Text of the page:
JOINT BASE LANGLEY-EUSTIS, Va --
Effective Nov. 1, 2021, all cyber enlisted Airmen have transitioned from the 3DXXX Cyberspace Support Air Force Specialty Code to the 1D7XX Cyber Defense Operations AFSC.
The one-to-one transition and implementation of the new AFSC for cyber enlisted Airmen is part of a multi-phased approach that will reclassify cyber to an operational capacity within the Air Force, moving beyond a traditional communications support role.
Changing the AFSC structure helps the Air Force adapt to changes within the cyber domain and will provide manpower to support the Air Force cyber mission by providing greater combat power, Cyber Capability Development and individual development for Airmen.
“Since 2012, more and more operational weapon systems rely on cyber capabilities,” said Chief Master Sgt. Jennifer Samson, 1D7XX Cyber Defense Operations MAJCOM functional manager at Air Combat Command. “The 3D AFSC is not agile enough to adapt to the constantly changing cyber environment. We need the right Airmen, with the right skills, at the right time for the right mission.”
The 1D7 AFSC combines 11 different AFSCs into one AFSC with nine shreds, giving the Air Force flexibility and agility to look at missions and capabilities and adjust manpower as necessary.
“Professional growth will be a foundation of this transition, said Maj. Henry Sims, chief of force development for cyberspace and information dominance at ACC. “Airmen will be generalists who can pivot based on mission demands and requirements; we can build on those cyber fundamentals with optimized, mission-focused, training content to effectively execute the mission.”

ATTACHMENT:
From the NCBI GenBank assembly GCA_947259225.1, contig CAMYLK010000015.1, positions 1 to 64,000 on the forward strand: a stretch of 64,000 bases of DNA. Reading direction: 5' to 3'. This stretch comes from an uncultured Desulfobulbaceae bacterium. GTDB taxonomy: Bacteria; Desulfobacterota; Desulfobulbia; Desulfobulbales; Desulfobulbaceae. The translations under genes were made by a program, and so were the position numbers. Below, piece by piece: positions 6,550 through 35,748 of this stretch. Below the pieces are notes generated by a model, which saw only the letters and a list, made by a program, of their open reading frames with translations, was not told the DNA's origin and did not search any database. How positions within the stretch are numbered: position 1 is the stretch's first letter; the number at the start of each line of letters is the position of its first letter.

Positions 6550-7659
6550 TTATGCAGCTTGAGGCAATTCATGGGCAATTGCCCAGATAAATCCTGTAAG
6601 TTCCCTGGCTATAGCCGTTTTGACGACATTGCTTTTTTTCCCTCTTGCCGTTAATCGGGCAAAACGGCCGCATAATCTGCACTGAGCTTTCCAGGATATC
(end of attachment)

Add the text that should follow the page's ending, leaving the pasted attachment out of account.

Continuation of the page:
Phase I of the 1D7 transition is a reclassification effort. Airmen currently working in communications and cyber mission sets will not see an immediate change in their day-to-day work. Phase II, set to be implemented by December 2022, is when Airmen will see their roles change.
Leaders across the Air Force are encouraging cyber Airmen to participate in shaping the future of the cyber career field.
“We are taking a planned, deliberate approach to this transition and building up the capabilities within this new AFSC and in each shred,” said Samson. “We are establishing working groups, Airmen in field doing the mission, to get the best ideas of what they’re seeing at the tactical level. We want Airmen to have a say during the mission analysis to shape the future of cyber.”
Transitioning to 1D7 is key to long-term sustainability of the cyber career field.
“We have talented enlisted cyber Airmen all across the Air Force,” said Samson. “As more and more mission platforms rely on the cyber domain, it’s absolutely critical to have our highly skilled cyber defense operations Airmen securing, defending and protecting these weapon systems to assure mission objectives. Future conflicts will be fought and won in cyber, and we need to develop and deliver a mission-ready cyber force armed for tomorrow’s fight. The capability of our cyber Airmen will be the deciding factor between mission success and mission failure.”
Air Force cyber leaders up and down the chain of command recognize the current and future role that enlisted cyber Airmen will play in protecting the nation countering adversaries.
“Just as cyber and the threats are always changing, so must we. Just as technology is always advancing, so must we,” said Colonel Heather Blackwell, director of cyberspace and information dominance at ACC.
“Our Airmen are our competitive advantage, conducting operations to get after our adversaries,” said Lt. Gen. Timothy Haugh, 16th Air Force commander. “This operational transition further integrates cyber capabilities to create new, tailored outcomes for joint force commanders and for the nation.”